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Friday, June 21st, 2024
the Week of Proper 6 / Ordinary 11
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Bible Commentaries
Deuteronomy 8

Grant's Commentary on the BibleGrant's Commentary

Verses 1-20



Israel was left no opportunity to say they did not understand what God was telling them. He repeated it in many different ways and insisted on it in no uncertain terms. Verse 1 emphasizes again that Israel must observe every commandment God gave, that they might live and multiply in possession of their land.

They must remember how the Lord God had led them all through their forty years of trial in the wilderness. That history was designed by God to humble and test His people, to bring out what was in their hearts, to prove whether they were willing to walk in His laws. Today, God has seen fit to leave believers in the world which is a wilderness indeed, with many occasions of trial that serve to humble us. We need this in order to learn well that we do not live merely by the food we eat, but by the Word of God (vs.2-3). In fact, the food God gave Israel was miraculous, that which was unknown before, and not derived from the lands they passed through. They would not understand that the manna was typical of the spiritual food by which believers are sustained in all their history on earth. The manna speaks of the Word of God concerning Christ in His lowly path of humiliation on earth. Israel ought to have learned through their wilderness experience they were totally dependent on the Word of God.

How amazing it was too that their clothing did not wear out in all that time, nor did their feet swell through walking. Such grace shown them, Israel should have realized that, as they disciplined their children, so it was right that the Lord should discipline them.

Insisting that Israel remember to keep God's commandments, Moses gave as an incentive the promise of the Lord to bring them into "a good land, a land of brooks of water, of fountains and springs that flow out of the valleys and hills, a land of wheat and barley, of vines and fig trees and pomegranates, a land of olive oil and honey," in which they would have no scarcity, a land producing iron and copper (vs.6-8).

However, when blessed with all this abundance, then Israel ought to be deeply thankful to the Lord, remembering that they were dependent utterly on His great goodness (v.10). The danger would be present of their forgetting the Lord because they were prospering. The possession of material things might become such an object that God's goodness and God's commandments would be forgotten (v.11).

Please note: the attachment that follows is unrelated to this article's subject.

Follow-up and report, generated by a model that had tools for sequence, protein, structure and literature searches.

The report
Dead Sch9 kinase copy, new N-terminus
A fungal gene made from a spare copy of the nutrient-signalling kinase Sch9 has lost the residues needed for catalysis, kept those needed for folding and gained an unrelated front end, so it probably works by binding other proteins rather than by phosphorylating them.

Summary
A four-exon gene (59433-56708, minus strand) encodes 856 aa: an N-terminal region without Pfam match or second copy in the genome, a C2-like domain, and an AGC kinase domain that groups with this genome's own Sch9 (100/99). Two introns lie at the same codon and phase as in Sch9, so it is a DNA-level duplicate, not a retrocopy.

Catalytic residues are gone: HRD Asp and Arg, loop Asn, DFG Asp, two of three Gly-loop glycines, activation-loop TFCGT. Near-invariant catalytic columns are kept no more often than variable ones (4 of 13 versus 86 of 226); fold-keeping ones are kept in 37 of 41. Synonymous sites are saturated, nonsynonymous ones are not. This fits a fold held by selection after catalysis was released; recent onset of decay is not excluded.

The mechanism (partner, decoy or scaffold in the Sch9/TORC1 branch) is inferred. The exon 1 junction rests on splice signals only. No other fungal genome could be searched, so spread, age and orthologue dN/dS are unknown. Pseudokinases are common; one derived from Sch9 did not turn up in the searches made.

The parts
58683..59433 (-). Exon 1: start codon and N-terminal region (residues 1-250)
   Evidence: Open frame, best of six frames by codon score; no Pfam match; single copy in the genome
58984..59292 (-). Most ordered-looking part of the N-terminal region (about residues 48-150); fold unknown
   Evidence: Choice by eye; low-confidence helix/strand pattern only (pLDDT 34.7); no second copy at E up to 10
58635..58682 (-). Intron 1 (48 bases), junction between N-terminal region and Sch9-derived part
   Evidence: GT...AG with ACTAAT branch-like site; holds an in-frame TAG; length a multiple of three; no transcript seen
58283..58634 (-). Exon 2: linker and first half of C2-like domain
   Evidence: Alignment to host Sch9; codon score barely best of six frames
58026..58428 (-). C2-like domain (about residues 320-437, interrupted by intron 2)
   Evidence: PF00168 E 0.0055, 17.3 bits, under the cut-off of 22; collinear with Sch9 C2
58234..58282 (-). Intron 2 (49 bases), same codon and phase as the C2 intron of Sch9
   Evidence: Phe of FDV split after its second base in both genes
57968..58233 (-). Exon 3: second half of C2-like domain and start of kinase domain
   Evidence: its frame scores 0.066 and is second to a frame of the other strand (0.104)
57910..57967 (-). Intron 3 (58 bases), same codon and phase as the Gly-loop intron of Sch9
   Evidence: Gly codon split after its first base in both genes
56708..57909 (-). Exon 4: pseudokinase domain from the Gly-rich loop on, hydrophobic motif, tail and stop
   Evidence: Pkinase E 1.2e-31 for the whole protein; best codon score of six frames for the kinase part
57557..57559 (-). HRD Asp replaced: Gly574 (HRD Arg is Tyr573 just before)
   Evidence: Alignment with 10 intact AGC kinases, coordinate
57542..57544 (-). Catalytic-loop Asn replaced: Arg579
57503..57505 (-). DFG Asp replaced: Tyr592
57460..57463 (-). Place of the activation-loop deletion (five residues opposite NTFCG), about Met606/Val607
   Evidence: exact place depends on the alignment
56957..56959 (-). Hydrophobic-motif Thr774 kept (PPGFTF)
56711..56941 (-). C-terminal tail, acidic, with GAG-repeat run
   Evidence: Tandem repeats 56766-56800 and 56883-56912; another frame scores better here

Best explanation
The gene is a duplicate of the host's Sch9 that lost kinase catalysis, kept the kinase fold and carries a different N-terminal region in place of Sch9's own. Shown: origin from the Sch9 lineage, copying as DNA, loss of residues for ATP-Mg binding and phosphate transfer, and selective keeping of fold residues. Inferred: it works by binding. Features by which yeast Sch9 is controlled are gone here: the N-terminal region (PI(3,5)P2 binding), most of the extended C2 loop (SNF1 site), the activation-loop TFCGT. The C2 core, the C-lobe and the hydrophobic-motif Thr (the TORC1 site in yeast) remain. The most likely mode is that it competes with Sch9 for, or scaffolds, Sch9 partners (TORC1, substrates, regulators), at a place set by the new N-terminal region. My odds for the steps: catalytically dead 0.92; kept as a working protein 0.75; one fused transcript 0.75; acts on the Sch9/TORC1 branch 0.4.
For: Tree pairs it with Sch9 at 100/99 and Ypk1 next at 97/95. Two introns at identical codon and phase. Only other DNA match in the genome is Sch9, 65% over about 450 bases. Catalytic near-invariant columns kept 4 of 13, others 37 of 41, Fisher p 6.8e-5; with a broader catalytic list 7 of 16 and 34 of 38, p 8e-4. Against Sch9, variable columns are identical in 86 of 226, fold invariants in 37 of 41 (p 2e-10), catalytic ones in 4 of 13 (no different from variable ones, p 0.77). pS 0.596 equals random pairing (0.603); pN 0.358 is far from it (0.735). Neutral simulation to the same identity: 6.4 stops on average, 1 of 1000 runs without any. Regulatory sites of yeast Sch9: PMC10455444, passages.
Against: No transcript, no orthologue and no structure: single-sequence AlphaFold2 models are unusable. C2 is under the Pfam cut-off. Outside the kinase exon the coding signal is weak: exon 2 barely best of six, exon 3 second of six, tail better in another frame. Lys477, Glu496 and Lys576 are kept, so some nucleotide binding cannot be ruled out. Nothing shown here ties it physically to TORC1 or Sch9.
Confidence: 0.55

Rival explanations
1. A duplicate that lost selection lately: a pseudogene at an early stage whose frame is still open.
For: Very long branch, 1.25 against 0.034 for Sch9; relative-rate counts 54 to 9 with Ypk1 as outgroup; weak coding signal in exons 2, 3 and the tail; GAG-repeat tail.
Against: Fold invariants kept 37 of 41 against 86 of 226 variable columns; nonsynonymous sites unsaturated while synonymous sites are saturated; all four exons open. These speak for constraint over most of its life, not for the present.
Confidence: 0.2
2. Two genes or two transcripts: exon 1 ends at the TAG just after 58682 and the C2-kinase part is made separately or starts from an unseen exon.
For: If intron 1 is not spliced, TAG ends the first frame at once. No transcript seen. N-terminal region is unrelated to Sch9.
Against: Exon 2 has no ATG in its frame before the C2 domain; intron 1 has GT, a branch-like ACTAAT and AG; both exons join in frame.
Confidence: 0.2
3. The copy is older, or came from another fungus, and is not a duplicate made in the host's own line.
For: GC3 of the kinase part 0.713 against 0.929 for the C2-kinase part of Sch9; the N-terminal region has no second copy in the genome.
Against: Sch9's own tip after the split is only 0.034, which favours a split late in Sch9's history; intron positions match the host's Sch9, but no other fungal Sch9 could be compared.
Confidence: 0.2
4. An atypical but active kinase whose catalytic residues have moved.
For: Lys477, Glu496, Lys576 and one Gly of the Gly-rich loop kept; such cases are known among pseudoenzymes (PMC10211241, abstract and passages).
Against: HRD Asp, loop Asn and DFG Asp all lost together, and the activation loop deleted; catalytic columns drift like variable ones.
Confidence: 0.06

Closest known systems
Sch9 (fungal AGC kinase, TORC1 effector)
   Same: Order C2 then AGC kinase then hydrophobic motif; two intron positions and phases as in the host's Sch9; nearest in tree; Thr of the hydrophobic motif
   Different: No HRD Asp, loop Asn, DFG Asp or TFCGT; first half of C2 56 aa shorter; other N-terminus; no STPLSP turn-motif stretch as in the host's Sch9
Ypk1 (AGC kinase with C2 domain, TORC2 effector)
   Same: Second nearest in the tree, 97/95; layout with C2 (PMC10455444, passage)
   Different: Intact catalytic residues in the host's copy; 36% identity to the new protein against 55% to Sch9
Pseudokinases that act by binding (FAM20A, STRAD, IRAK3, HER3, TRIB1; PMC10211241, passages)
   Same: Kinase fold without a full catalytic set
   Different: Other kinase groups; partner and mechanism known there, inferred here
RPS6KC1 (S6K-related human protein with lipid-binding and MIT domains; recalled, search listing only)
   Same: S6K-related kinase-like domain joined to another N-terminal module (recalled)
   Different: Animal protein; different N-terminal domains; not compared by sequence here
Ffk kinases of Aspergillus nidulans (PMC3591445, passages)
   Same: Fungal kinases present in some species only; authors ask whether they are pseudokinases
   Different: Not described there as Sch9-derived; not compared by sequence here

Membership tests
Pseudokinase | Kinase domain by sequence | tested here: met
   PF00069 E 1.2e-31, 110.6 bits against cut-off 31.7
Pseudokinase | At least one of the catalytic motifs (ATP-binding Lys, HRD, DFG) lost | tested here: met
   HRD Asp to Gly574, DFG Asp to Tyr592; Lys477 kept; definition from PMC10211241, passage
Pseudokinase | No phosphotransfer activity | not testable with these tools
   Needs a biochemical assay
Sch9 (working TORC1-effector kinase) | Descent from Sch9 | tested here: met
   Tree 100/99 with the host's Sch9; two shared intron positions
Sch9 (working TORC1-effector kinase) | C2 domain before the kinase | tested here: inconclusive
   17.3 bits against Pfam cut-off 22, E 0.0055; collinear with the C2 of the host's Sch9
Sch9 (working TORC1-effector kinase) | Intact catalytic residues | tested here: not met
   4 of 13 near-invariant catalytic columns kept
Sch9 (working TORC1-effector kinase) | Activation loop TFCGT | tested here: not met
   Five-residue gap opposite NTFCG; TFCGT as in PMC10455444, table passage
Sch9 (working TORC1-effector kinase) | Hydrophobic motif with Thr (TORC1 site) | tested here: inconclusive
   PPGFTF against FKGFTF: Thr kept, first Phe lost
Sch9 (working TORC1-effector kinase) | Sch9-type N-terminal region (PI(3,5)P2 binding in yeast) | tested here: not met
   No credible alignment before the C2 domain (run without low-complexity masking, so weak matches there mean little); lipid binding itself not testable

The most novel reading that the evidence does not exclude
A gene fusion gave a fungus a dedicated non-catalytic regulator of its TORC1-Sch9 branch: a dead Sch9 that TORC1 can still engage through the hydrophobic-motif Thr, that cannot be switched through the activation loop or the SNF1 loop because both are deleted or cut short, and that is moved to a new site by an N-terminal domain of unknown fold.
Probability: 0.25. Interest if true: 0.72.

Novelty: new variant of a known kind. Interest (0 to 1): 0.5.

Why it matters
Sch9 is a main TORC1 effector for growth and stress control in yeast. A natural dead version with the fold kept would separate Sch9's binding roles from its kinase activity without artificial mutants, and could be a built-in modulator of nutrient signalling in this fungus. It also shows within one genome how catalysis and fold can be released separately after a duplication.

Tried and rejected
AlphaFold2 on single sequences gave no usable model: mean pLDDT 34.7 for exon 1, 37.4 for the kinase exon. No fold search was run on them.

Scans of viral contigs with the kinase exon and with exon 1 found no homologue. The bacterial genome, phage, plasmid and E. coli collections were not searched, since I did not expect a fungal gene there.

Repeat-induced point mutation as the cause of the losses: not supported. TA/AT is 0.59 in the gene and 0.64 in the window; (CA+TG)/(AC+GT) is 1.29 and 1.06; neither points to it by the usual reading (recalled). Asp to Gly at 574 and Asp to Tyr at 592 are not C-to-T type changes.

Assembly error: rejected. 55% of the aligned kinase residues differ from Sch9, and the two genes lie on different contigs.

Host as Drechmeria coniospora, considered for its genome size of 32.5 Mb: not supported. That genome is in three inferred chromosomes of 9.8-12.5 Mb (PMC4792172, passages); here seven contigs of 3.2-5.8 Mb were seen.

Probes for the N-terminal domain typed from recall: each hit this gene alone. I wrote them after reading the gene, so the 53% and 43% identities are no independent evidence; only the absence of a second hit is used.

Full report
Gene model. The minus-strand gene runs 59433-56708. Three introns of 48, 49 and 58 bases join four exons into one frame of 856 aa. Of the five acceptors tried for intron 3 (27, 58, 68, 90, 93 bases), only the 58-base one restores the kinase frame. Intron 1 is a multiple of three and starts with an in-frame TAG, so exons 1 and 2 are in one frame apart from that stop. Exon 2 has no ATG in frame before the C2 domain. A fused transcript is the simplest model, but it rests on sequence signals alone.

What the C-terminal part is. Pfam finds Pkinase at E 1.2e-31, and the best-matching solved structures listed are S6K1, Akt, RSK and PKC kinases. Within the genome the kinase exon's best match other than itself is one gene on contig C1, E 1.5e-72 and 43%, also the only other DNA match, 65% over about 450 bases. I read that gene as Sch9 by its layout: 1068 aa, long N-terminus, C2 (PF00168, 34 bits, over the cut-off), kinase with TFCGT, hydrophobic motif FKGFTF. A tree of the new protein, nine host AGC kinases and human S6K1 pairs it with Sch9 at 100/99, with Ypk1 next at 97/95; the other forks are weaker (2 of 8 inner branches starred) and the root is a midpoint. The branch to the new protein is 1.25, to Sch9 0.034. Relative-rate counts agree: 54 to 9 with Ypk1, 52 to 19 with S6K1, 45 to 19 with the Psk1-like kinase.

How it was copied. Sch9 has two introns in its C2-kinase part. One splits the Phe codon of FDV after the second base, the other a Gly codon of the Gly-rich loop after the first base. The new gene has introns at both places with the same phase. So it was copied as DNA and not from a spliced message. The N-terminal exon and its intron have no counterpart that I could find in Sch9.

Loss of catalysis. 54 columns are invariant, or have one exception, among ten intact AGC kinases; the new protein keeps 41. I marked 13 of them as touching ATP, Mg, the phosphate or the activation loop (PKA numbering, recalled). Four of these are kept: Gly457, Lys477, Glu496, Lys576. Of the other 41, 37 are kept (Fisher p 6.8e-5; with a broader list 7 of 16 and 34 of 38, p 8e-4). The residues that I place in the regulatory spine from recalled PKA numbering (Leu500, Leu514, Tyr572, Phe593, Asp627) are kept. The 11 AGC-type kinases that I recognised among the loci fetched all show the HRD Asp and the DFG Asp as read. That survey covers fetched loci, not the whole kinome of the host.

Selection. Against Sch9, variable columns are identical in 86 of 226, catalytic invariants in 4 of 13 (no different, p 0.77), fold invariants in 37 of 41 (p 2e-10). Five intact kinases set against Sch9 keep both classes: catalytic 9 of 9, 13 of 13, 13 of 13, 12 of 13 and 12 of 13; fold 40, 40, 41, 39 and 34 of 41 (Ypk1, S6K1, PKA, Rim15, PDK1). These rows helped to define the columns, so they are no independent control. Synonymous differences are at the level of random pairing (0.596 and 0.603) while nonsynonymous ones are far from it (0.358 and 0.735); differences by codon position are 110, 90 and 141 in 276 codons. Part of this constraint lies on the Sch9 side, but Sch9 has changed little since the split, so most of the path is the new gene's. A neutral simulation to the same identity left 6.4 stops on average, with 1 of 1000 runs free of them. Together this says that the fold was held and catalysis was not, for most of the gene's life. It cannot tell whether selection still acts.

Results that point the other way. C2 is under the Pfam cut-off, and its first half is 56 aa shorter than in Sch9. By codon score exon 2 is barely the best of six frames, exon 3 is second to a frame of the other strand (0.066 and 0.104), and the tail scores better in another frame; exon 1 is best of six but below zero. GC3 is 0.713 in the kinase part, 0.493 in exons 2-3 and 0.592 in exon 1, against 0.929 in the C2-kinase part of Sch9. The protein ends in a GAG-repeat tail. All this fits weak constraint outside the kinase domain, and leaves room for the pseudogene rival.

When they found food plentiful in the land, when they built beautiful houses, when their herds and flocks multiplied, their silver and gold and other possessions increased, then their hearts might be lifted up in such self-complacency that they should forget the Lord who had brought them from the hard bondage of Egypt (vs.12-14). Could they forget that God had led them in mercy through the great and terrible wilderness, with its serpents and scorpions, bringing water from the rock for their thirst, feeding them with manna (vs.15-16)?

In spite of this they might (and did) say in their heart, "My power and the might of my hand have gained me this wealth" (v.17). How harmful to himself is this self-centered pride of man! As Israel later succumbed to it, so in the Church of God today, many have been deceived in this way, and God's Word is in large measure forgotten. Again therefore Moses urges Israel to remember the Lord their God, for it is He only who gives power to anyone to prosper, and He did this to Israel to prove His faithfulness expressed in the covenant He had made with their fathers (v.18).

If Israel would forget the Lord God and follow and serve the idols of the nations, then God's Word would be carried out also in causing Israel to perish. Just as the nations of Canaan would be destroyed before the Lord, so Israel would suffer the same because of their disobedience (vs.19-20).

David and Solomon are object lessons as regards prosperity and its results. In all David's history of suffering he showed a lovely character of depending on the Lord. He needed the Lord and thirsted after the Lord when circumstances were against him. When he became ruler over Israel he did not stand out so beautifully as a man of faith, and failed badly in some instances, taking bad advantage of his prosperous conditions, such as in the case of his sin against Bathsheba and her husband (2 Samuel 11:1-27); yet still the lessons of early years remained to remind him of his need of the Lord. He did sorrowfully confess his sin and returned to the Lord. But Solomon came to the throne of Israel amid wealth and splendor, and it was not long before he married many wives who turned away his heart from the Lord, and go so far away that we never read of him repenting, as David did.

For believers today too there will be disastrous consequences for disobedience and leaving the Lord out of their practical lives, not eternal judgment, but suffering under God's governmental hand on earth.

Bibliographical Information
Grant, L. M. "Commentary on Deuteronomy 8". Grant's Commentary on the Bible. https://www.studylight.org/commentaries/eng/lmg/deuteronomy-8.html. 1897-1910.
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